As Levi’s popularity proves, Israeli and Chinese children appear to cherish the same kind of children’s books; there appears to be no brainwashing going on about Israel and the “detrimental effects” of too much exposure to “Zionist” literature, as one imagines taking place among the BDS-infatuated European cultural elites. Already today, there are places in Europe, including Sweden, where classic children’s literature is reviewed by publishing houses for the purpose of altering or deleting potentially “offensive” passages for the more sensitive political palates of the current generations. Several Swedish and Danish writers have even had books taken off the market in Sweden. The step toward limiting other works of litrature simply because of its national origins is a very small one in the current toxic climate of BDS and political correctness.

It is therefore an example of unusual normalcy that China is increasingly proving to be a thriving and growing place for cultural exchange with Israel. The positive ramifications of that relationship can hardly be overestimated, nor should they be taken for granted.

This article was originally published by Israel Hayom. 

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  • Israel’s returning relationship to the East is actually a family homecoming; it’s true, it’s happening, embrace it.

  • Martin Gray

    Here are the facts. The future of Jews in Europe is questionable if not completely finished. The only real question remaining is whether the EU will be successful in fashioning its own military and then working under some biased UN mandate attempt to impose its will on Israel through the threat or actual use of force. In the United States,one of the major political parties, the Democrat party, will fashion a platform for the U.S. presidential election that will reflect an anti-Israel bias. One wonders what follows that. So the future for Israel belongs in Asia with China and Japan. My advice is to move as quickly as possible to cement that future.

  • And it is this growing and wonderful relationship with China, and indeed India, and other Far Eastern countries (Talmud-obsessed South Korea) that calls into question Israel’s concern with Islamising Europe – more of whose decisions internally in their own countries and externally at the United Nations have, as their only rational explanation, a pusillanimous desire to appease their Muslim citizens.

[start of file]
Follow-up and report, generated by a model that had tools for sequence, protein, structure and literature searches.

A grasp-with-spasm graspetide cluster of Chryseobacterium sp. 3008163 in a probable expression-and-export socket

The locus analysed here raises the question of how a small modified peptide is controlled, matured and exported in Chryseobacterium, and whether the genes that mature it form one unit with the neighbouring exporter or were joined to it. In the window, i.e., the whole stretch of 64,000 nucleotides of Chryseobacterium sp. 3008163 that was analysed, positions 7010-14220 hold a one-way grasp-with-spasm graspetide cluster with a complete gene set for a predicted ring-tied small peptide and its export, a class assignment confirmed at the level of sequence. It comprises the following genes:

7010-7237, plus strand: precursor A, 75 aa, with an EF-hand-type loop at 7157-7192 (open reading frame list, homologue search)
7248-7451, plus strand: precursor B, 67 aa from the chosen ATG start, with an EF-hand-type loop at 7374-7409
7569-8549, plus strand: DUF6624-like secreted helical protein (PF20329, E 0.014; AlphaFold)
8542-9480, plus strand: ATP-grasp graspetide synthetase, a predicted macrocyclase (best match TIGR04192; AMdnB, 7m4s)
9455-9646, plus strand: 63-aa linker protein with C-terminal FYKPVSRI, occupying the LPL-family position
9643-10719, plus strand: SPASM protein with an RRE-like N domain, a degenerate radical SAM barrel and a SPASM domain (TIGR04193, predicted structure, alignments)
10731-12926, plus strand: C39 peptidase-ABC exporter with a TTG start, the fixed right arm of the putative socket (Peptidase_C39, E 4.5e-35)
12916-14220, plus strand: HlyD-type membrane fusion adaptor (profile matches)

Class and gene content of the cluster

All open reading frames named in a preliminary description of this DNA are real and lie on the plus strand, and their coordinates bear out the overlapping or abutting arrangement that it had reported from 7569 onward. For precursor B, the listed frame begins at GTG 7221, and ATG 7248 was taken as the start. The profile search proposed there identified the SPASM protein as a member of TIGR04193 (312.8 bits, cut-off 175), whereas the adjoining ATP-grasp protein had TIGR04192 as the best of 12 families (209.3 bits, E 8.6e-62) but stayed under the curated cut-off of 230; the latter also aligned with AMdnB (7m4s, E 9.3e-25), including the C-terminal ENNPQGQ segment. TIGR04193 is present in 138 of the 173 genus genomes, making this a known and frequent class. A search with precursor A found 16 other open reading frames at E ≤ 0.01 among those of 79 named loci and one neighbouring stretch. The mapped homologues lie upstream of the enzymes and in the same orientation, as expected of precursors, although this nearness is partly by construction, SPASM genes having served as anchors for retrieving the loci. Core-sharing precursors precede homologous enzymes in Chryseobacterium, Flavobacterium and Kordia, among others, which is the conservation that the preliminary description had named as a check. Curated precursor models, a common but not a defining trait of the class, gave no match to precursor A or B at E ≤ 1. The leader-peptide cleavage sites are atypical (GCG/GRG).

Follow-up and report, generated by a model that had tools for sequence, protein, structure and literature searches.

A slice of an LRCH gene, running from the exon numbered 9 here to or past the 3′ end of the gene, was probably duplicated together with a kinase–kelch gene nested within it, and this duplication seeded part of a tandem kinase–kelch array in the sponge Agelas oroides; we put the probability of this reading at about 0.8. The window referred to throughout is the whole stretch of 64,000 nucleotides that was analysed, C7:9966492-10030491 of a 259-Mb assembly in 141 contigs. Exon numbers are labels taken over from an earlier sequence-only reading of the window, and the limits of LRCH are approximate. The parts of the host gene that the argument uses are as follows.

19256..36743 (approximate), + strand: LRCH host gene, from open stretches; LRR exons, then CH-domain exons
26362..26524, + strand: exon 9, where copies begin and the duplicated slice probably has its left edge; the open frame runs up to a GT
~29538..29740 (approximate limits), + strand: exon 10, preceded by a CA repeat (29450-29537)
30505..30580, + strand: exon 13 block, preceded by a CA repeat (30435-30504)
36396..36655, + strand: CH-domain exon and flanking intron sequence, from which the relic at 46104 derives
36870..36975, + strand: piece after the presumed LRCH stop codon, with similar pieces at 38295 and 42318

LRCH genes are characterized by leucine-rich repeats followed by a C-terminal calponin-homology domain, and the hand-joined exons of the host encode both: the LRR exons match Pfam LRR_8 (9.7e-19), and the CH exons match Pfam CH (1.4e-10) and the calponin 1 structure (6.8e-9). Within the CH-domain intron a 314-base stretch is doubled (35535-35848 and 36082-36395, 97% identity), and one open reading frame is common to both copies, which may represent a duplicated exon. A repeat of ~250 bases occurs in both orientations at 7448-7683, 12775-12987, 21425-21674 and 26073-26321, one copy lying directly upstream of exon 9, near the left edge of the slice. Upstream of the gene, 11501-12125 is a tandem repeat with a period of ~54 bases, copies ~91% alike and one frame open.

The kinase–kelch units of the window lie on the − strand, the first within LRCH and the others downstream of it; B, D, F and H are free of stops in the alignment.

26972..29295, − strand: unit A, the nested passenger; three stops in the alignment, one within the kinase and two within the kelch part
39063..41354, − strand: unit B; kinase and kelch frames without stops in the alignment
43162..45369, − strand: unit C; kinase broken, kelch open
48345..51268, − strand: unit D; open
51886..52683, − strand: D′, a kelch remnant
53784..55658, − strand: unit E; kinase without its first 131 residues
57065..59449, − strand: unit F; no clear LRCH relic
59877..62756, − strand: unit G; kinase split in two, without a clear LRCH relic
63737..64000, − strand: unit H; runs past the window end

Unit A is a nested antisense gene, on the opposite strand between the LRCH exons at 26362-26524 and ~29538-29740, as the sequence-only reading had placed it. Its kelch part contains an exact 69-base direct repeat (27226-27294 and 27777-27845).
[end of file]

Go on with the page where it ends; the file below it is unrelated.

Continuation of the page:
As per World War Two, with the glorious exception of Britain (who is now unfortunately succumbing), appeasement seems to be what Europe is especially good at.

  • stevenl

    By hating Israel (success) with passion, the European pseudo-elite emulates the fanatics and genocidal Islamists. A great victory for moronism. Europe leftist fascism is in the open. But this is an old story that keeps repeating itself.
    European barbarians are still not able to learn ethical values after several millennia!

  • Yaakov

    I guess we should feel fortunate that the word “prestigious” only appears twice in this article.

    The Chinese typically think of Jews as people who are “good with money” and “successful in business.” This is not a positive perception. A Chinese friend of mine once asked a visiting Israeli in her field whether he was Jewish. He wouldn’t even answer. This is the disdain for Judaism that is all too common among Israelis and helps explain why perceptions of Jews are often distorted. If you want the world to respect you, then start respecting yourself and live a life based on Jewish values, not on materialism and status-consciousness.

    • Robert Davis

      Economic success is not all but it should not be considered inferior to other mattars as well, say Judaism first 60%,economy 40% well approximately. Who would like to live as the pakisatanis or the bengalis?